Steve Mason, G, Philadelphia, 29 ($4,100,000 cap hit in 2016-17)
The former Calder winner for rookie of the year revived his career in Philadelphia after a few lousy seasons in Columbus. His save percentage has dropped significantly over the past few years, and that may be a red flag for some teams. As with Miller, most teams do not need a starting goaltender, so Mason may have to settle for a 1A/1B situation.
Michael Stone, D, Calgary, 27 ($4,000,000 cap hit in 2016-17)
Stone was traded to Calgary from Arizona right before the trade deadline. He is not a fantasy stud by any means, but he can be a serviceable real life defenseman. He underwent knee surgery last April and missed the start of the 2016-17 season (which is why he only played 64 games). The Flames have shown interest in bringing him back, but they won’t be the only ones that want him. Stone had 15 points in his 64 games.
Justin Williams, RW, Washington, 35 ($3,250,000 cap hit in 2016-17)
Williams has been a steady but unspectacular producer over the last decade. He has not eclipsed 60 points since the 2006-07 season, but he has recorded at least 40 points in each of the last six seasons (not counting the shortened season). His playoff performances are well known, and he is still a solid player even at his age. Williams scored 24 goals last season, although it was on a loaded Capitals team. He should be able to get at least a three year deal from someone.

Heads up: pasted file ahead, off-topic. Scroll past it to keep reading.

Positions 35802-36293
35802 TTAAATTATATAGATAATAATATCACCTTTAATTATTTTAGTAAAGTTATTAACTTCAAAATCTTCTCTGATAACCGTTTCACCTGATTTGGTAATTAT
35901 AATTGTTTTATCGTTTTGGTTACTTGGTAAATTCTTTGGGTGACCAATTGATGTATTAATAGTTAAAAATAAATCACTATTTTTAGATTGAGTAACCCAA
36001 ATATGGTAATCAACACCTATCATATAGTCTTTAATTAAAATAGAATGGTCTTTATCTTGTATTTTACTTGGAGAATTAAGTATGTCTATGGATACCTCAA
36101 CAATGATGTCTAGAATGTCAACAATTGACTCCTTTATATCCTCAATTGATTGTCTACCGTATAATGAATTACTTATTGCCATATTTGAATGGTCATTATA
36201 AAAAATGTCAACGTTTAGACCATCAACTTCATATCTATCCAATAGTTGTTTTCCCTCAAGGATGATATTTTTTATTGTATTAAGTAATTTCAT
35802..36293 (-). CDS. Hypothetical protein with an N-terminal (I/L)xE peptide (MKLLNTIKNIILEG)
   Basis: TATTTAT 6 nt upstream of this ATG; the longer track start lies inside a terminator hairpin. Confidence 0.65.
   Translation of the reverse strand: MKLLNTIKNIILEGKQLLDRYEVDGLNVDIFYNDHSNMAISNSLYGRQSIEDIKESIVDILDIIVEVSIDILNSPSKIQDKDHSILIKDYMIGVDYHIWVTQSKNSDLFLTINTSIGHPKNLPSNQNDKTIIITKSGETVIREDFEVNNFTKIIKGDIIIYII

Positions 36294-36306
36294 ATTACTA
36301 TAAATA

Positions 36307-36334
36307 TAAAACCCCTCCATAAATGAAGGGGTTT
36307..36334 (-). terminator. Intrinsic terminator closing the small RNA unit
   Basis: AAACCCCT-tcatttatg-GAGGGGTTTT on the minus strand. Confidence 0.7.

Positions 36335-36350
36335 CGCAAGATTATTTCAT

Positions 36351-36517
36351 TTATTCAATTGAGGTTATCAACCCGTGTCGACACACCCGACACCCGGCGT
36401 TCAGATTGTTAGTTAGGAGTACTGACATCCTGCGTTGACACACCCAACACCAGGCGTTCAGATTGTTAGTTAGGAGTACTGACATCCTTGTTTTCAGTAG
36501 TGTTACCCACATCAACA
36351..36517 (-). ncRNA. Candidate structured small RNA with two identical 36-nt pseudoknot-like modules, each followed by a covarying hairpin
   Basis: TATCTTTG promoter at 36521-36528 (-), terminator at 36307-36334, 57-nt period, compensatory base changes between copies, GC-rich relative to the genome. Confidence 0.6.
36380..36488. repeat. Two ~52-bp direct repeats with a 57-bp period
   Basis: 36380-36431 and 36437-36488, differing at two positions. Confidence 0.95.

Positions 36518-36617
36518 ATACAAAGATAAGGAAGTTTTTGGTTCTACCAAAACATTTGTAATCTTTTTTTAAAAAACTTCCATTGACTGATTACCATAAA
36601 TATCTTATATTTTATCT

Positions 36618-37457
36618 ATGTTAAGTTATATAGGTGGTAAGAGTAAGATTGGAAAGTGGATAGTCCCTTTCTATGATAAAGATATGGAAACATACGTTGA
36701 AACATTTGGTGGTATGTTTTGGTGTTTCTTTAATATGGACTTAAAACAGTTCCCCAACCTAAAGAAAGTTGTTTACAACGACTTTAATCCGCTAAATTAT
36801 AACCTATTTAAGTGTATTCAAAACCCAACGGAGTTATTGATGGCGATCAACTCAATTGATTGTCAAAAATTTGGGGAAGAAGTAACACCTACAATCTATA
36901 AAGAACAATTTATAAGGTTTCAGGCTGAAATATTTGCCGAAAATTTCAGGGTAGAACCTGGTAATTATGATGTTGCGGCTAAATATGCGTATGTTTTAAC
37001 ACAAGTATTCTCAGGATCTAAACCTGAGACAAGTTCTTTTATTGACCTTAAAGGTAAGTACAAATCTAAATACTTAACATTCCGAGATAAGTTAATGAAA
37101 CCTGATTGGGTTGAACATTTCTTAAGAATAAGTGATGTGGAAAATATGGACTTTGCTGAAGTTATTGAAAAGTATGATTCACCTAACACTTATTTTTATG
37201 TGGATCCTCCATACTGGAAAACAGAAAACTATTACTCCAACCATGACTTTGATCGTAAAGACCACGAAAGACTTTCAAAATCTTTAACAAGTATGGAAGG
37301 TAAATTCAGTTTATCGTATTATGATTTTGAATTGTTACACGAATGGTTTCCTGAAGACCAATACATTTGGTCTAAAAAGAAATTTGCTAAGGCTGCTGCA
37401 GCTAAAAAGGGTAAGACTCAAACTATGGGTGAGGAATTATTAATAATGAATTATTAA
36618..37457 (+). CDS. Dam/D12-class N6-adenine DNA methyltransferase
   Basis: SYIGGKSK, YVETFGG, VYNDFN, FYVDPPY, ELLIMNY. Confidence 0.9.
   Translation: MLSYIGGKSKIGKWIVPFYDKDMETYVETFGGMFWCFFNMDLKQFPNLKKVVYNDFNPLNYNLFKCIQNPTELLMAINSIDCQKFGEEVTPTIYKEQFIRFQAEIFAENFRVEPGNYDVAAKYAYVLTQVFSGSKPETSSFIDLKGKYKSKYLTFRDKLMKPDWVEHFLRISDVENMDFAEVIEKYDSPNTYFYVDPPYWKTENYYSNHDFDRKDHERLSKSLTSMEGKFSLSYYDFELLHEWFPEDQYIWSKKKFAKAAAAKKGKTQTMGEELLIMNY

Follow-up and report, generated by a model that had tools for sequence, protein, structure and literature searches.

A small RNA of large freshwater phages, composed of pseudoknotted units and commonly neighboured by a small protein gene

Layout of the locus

Martin Hanzal, C, Minnesota, 30 ($3,100,000 cap hit in 2016-17)
The Wild had many people scratching their heads when they got him from the Coyotes because of the steep price. Hanzal is a third line checking center that wins a lot of faceoffs and plays with an edge. Hanzal’s rough style of play may take a toll on his body as he gets into his mid-30s, but until he gets to that point, a team will give him at least four years. Hanzal scored a career high 20 goals last season and had a 56.4% faceoff percentage.
Karl Alzner, D, Washington, 28 ($2,800,000 cap hit in 2016-17)
Alzner is a very durable defenseman that does not provide much to fantasy owners. His career high in points is 21, which he has accomplished twice. His advanced stats leave a lot to be desired, as there are a lot of shot attempts by the opposition while he is on the ice. Alzner is still in his late-20s, so he isn’t that old. But some team may be making a huge mistake by signing the longtime Capital.
Thomas Vanek, W, Florida, 33 ($2,600,000 cap hit in 2016-17)
After being bought out by the Minnesota Wild, Vanek signed with the Red Wings before being traded to the Panthers. He had a decent fantasy season, posting 48 points in 68 games. Vanek is in his mid-30s, so teams probably won’t be willing to give him more than three years. But he has shown in the past that he can put up points at a decent rate. He had recorded 40 points in every NHL season he’s played, even in the shortened season.
Radim Vrbata, RW, Arizona, 36 ($1,000,000 cap hit in 2016-17)
Vrbata bounced back from a forgettable season with the Canucks in 2015-16 with a decent campaign in 2016-17. He scored 20 goals and had 35 assists on a lousy Coyotes team. Surprisingly, he was not traded at the trade deadline, and the Desert Dogs may lose him for nothing. He can play as a top six forward, which some teams need. He has not produced much outside of the desert except his first season in Vancouver, so that may be a red flag. But a team needing a scoring winger will definitely have Vrbata on their wishlist.